Spotlighting the Everli UX Team: An interview with Senior UX Researcher, Federica Felici.

They’re used to researching Shoppers and customers in order to help solve problems. Now it’s time to turn the spotlight on Everli’s UX Department as we do our own research into what it’s really like to work for this vital team. If you’re interested in applying for any of our open UX roles, Federica shares some brilliant insights into what you can expect at Everli and why she defines the company as “human”.

What does an average day look for you in the UX team?

I’m a senior UX researcher and we are part of the design team, so a team within a team you could say. Despite technically being part of a design team, which as a whole is focused on user experience (and by the user I mean customers, shoppers, retailers and brands), the UX researcher’s role is quite different from that of a designer. We concentrate specifically on identifying problems and opportunities, whereas the designers are focused more on solving these problems and designing solutions that turn the opportunities into actualities.

A typical day for me could include analysing data, working on scripts for interviews and surveys, and testing the interface. I also have a managerial role and dedicate a good bit of time to working with my team. So, I would say no two days are the same but my main focuses are research design, data collection, analysis reporting, and meeting with stakeholders.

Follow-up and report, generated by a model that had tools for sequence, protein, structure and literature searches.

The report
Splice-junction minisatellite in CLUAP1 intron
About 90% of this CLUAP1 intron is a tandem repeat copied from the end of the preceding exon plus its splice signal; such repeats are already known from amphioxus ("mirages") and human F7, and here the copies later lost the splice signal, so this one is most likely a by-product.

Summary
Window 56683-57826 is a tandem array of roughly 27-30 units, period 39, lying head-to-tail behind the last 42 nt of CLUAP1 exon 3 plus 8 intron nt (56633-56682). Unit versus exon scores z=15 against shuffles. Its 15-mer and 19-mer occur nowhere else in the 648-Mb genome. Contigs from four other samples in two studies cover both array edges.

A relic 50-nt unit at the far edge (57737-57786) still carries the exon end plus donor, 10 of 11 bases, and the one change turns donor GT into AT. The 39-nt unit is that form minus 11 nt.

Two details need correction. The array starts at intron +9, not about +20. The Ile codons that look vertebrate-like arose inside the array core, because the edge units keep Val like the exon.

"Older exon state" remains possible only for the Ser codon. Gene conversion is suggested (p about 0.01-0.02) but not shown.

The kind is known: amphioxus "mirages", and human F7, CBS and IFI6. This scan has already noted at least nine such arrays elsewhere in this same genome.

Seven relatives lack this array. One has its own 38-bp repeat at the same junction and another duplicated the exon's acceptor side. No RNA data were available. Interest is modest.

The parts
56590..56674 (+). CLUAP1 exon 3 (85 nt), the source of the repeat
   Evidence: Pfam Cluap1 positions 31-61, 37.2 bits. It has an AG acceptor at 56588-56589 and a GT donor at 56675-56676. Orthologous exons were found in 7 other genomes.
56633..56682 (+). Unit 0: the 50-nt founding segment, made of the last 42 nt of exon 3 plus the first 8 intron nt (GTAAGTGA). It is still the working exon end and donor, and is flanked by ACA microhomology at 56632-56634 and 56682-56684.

What is the UX mission at Everli?

I would say the mission is in two parts. First and foremost, our aim is to help people by meeting their basic needs. We want to make our customers’ lives easier by eliminating problems that prevent them from successfully reaching their goal, their goal being to get their grocery shopping done.

Secondly, we then want to exceed their needs by making this experience unique. So, solving a problem but in a cool way. By succeeding in this, we may change a person’s habit from shopping in-store to shopping online but that’s a knock-on effect, it’s not the mission. The mission is to help people in their daily life using human-centric UX design.

What are some of the challenges you face in this mission?

The biggest challenge is understanding what people need. It sounds easy, but it’s actually harder than you think because there is always a gap between what a person expresses the problem to be and what the problem actually is. Our main challenge is to help people in their daily life, because if we misidentify the problem and put all our energy into solving it, then we’ve just wasted a lot of time and resources.

Another big challenge is being able to balance user needs and business needs, because they don’t always align and yet they are both important to the success of Everli’s shopping service. Our role in UX is to be in the middle, to talk with both sides and figure out ways to compromise or align in a way that is beneficial to both.

How did your journey to Everli unfold?

I have been working here for two years, having previously worked as a clinical technician and then as an academic researcher. Although they are completely different industries, it’s actually not unusual for UX people to come from highly contrasting backgrounds. UX is a relatively new field, so most of us started out doing something else. But rather than it being a negative thing, this difference in experience is something that we actively look for in new employees. The more different our industry backgrounds are the more we are able to combine our far-reaching knowledge to face different challenges. My colleague has a background in economics, for example; she was doing research at a university. She doesn’t know anything about clinical neurology, and I know equally as little about economics, but we are able to work together because research technique is our common ground. We then have the opportunity to expand our knowledge by talking to each other.